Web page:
WP photo of a blog post about homesteading

Homestead Your Florida Home ASAP!

If you own a property in Southwest Florida and purchased it in 2023, then it’s important that you take action between now and March 1st in order to homestead your property.

Homesteading property in Florida has several benefits.

Benefits of Homesteading

1. You get a $50,000 reduction on your tax basis

In general, the owner of real property in Florida pays taxes each year based on the value of the real property. However, if the property is Homestead property, then $50,000 of the value of the Homestead is exempt from real property taxes.

How do you qualify for a homestead exemption in Florida?
  1. You are the property owner.
  2. The property you want to claim the exemption for must be your permanent residence.
  3. The property you wish to claim must be the permanent residence of a dependent you claim on your taxes.
  4. You must have lived at the property on January 1 of the tax year in question.
  5. The property you want to claim the exemption for may not have been rented for more than 30 days in a given calendar year.
2. Year-over-year Tax increase capped at 3%

As the value of real property may rise annually, homeowners may also face a growing tax burden. However, if the property is Homestead property, then the amount by which the homeowner’s tax burden may increase from one year to the next is capped at 3% of the prior year’s assessment, or the percent change in the Consumer Price Index, whichever is less.

So, even if the real estate market has sky-rocketed, from one year to the next, and the value of the Homestead has increased by 20 or 30%, the owner’s tax burden will still only increase by a maximum of 3% per year, or the percent change in the Consumer Price Index, whichever is less.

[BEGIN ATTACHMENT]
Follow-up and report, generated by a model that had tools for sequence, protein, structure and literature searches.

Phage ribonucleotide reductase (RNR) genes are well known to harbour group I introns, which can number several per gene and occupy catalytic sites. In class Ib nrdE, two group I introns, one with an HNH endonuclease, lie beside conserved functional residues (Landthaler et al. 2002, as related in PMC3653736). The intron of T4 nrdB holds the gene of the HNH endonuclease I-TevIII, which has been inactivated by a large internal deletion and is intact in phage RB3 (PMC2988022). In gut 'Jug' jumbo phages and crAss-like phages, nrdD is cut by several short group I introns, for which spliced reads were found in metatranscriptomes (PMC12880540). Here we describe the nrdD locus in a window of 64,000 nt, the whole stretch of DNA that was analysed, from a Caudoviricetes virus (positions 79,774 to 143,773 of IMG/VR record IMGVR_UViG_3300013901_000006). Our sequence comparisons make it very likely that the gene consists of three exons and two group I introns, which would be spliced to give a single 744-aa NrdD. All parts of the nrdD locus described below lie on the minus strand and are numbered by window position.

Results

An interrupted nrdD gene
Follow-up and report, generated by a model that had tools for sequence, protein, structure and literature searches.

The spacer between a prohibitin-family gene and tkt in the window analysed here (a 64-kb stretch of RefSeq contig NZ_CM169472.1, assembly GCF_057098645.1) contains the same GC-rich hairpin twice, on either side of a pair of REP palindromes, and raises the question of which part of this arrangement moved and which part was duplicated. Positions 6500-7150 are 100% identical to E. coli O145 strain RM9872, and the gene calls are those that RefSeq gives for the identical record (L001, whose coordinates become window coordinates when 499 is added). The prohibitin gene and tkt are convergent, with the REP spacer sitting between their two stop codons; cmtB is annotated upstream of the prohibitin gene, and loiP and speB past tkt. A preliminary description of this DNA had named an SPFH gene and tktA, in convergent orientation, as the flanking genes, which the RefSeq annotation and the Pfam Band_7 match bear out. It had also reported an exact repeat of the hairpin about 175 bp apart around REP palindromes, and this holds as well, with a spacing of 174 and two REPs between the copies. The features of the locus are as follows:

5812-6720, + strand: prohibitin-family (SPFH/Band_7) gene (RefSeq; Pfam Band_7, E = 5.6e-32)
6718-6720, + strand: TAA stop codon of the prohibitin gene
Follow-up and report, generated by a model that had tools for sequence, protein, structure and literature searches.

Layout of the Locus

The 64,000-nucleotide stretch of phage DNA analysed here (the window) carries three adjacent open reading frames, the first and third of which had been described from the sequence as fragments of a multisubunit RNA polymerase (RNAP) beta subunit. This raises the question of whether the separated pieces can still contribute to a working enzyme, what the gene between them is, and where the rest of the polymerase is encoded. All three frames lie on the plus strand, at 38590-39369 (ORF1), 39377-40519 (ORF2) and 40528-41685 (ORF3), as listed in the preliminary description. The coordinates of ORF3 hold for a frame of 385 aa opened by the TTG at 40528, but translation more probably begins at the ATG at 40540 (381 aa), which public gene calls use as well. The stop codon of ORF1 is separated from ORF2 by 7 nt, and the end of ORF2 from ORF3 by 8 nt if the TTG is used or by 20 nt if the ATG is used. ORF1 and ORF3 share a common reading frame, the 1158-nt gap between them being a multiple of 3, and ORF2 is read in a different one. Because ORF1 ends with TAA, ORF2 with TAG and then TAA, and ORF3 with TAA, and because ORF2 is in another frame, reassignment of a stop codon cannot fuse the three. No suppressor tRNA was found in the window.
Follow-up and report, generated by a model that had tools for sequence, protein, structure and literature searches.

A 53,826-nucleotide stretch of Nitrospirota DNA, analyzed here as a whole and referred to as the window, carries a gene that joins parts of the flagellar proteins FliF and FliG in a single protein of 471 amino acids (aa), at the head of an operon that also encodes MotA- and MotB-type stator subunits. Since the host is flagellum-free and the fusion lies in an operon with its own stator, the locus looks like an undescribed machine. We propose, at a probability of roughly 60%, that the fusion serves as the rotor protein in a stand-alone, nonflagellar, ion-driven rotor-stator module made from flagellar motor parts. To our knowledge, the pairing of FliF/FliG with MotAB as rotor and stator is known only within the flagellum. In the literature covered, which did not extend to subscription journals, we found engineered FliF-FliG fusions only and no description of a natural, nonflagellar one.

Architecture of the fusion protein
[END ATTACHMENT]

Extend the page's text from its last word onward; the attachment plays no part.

3. Save our Homes benefit

Save Our Homes tax savings that may accrue over time, or a portion thereof, up to $500,000 in savings, can be transferred from one Homestead to another if the homeowner sells their Homestead and buys another Homestead.

4. Homesteaded properties cannot be taken away from you

A Homestead is exempt from the claims of creditors. If a homeowner owes money to a creditor due to personal or business loans, credit card debt, unpaid medical bills, or similar claims, and they are unable to pay. In that case, the creditor cannot collect from the homeowner’s Homestead. With very few exceptions, the Homestead is exempt from forced sale by any court and no judgment shall become a lien on Homestead property.

The main exceptions are as follows:

(a) real property taxes and other assessments levied by the government on the Homestead;

(b) consensual liens that are agreed to by the homeowner, such as a mortgage, or fees owed to a homeowners’ or condominium association; and

(c) obligations agreed to by the homeowner for the improvement or repair of the house, or house, field, or other labor performed on the property, such as construction liens.

In addition, because Federal Law trumps state law, Federal Tax Liens, and perhaps other Federal Judgments, can impose a lien on a Florida Homestead, and the Florida Homestead Exemption provides reduced protection in Federal Bankruptcy proceedings.

Watch the full video to learn more about the benefits of homesteading your property in Florida:

Homestead Issues

There are several complex difficulties that might develop with respect to homestead properties. Moreover, since the family home is often our most valuable asset, these concerns can lead to significant consequences. Some examples of such difficulties are whether you are eligible for the Homestead Exemption:

  • if you live on the property for only part of the year;
  • if you rent out part of the home;
  • if you have multiple structures built on one property;
  • if title to the property is held by a trust;
  • if you own a life estate, an enhanced life estate, a remainder interest, or a one-half or other fractional interest in the property;
  • if you have combined, and built your home on, multiple lots;
  • if you are living temporarily away from your home;
  • if you sell your home and buy another one; or
  • if your home is destroyed by a fire or other casualty and is covered by insurance;

As discussed above, Florida Homestead Law provides Florida home owners with many valuable benefits and protections. If you want to learn more real estate tips, from buying and selling homes to home maintenance guides, stay updated by clicking here to see more of our blog posts.